Beyond Chord-Scale Theory - Realizing a Species Approach to Jazz Improvisation

Keith Salley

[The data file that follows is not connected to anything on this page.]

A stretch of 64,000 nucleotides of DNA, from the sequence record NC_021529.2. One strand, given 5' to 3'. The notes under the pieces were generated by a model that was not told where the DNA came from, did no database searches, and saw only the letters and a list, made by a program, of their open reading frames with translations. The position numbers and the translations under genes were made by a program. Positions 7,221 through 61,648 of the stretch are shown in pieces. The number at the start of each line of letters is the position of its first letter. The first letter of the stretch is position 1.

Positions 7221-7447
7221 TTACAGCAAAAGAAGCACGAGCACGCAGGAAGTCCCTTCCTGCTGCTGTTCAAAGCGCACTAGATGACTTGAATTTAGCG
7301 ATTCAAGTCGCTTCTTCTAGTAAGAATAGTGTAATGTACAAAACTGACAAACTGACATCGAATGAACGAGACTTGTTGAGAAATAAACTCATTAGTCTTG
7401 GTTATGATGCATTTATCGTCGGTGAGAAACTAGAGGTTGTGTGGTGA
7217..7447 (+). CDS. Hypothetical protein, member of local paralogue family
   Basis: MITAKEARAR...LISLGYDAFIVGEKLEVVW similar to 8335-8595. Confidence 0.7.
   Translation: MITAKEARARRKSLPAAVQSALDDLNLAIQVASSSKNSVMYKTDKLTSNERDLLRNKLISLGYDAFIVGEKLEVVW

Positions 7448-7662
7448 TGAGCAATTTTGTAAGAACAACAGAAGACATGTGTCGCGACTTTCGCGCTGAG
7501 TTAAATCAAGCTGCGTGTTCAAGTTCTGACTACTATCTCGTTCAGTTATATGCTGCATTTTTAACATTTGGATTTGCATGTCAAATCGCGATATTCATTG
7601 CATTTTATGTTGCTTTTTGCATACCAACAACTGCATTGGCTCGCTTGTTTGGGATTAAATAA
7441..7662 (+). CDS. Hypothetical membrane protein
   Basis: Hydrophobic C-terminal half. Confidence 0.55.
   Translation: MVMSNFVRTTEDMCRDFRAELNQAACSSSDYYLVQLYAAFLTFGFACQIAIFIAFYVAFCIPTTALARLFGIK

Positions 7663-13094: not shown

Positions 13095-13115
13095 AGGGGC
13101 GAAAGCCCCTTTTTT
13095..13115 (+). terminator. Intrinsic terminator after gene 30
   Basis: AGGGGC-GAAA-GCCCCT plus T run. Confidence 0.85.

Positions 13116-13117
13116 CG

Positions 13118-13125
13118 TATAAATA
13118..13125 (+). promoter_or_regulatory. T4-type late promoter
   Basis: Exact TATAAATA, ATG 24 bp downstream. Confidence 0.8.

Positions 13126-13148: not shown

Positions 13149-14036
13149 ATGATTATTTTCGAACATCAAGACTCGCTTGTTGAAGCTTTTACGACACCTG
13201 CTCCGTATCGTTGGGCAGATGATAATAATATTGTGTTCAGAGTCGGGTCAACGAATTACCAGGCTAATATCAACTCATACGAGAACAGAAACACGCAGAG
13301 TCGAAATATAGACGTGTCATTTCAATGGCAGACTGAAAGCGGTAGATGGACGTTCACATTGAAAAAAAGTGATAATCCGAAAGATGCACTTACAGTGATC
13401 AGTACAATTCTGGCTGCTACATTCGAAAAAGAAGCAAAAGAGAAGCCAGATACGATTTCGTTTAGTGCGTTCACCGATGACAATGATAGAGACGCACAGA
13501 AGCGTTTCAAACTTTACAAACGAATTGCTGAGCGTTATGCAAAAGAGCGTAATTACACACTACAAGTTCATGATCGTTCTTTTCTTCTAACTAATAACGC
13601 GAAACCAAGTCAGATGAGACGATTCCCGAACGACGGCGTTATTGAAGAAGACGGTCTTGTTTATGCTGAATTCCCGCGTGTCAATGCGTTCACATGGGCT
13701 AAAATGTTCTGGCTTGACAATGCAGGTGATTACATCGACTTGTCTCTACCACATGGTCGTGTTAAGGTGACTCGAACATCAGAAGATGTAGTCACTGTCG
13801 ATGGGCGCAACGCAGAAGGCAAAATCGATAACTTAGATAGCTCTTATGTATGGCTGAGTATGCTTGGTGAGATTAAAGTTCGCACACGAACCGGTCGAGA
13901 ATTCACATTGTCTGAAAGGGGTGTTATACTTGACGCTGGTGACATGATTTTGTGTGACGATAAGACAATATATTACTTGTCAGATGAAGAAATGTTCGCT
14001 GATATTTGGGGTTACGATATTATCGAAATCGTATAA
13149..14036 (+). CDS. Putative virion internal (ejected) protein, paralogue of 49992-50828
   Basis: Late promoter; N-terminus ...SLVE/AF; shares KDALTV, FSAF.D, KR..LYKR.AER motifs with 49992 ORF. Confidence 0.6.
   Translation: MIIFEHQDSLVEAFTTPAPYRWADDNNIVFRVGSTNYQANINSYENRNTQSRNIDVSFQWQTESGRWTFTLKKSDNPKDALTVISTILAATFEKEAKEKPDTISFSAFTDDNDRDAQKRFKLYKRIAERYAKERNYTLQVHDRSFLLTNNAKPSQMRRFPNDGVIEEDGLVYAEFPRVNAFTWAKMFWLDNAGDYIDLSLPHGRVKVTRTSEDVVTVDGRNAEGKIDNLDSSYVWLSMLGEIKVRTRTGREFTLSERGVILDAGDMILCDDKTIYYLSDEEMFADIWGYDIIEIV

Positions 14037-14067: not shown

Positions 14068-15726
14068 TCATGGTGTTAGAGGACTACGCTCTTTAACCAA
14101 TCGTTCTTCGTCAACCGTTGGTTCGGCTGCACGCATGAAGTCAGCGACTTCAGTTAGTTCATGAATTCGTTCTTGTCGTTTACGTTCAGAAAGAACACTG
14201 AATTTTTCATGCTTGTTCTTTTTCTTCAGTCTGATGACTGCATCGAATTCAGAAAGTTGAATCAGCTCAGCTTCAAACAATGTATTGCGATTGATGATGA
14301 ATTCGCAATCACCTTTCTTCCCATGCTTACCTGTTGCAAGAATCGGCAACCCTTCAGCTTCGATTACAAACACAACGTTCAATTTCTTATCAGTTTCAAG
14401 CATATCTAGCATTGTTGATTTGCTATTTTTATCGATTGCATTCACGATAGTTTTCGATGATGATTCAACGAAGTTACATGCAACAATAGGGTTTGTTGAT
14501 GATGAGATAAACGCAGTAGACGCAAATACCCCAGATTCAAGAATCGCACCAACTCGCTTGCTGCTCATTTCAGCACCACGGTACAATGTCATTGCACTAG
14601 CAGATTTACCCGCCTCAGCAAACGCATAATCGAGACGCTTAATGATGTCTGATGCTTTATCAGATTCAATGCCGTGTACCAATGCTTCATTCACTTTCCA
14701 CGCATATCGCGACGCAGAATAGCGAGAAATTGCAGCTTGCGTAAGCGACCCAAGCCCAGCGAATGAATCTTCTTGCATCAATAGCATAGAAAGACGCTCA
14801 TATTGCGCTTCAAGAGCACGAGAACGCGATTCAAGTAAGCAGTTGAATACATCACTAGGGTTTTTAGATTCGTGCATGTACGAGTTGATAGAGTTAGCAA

Collegiate instruction in jazz improvisation is typically given in two places: the jazz theory classroom and private lessons. In both contexts, one of the first concepts taught is the relationship between chord and scale. I distinguish the term "scale" in the classical sense from the term "chord scale." The former refers to a stepwise collection of pitches that expresses a tonal center. The latter refers to a stepwise collection of pitches that melodically expresses a chord. A harmonic progression contains all of the pitches in a major scale, and the progression could easily support a melody that expresses all of the pitches of that scale. Classical theory holds that one scale accounts for the harmonic and melodic organization of the whole progression. By contrast, jazz pedagogy recognizes a succession of "chord scales," one for each chord. Chord-scale theory teaches students to make harmonically informed melodic improvisations by enforcing one-to-one relationships between chords and scales.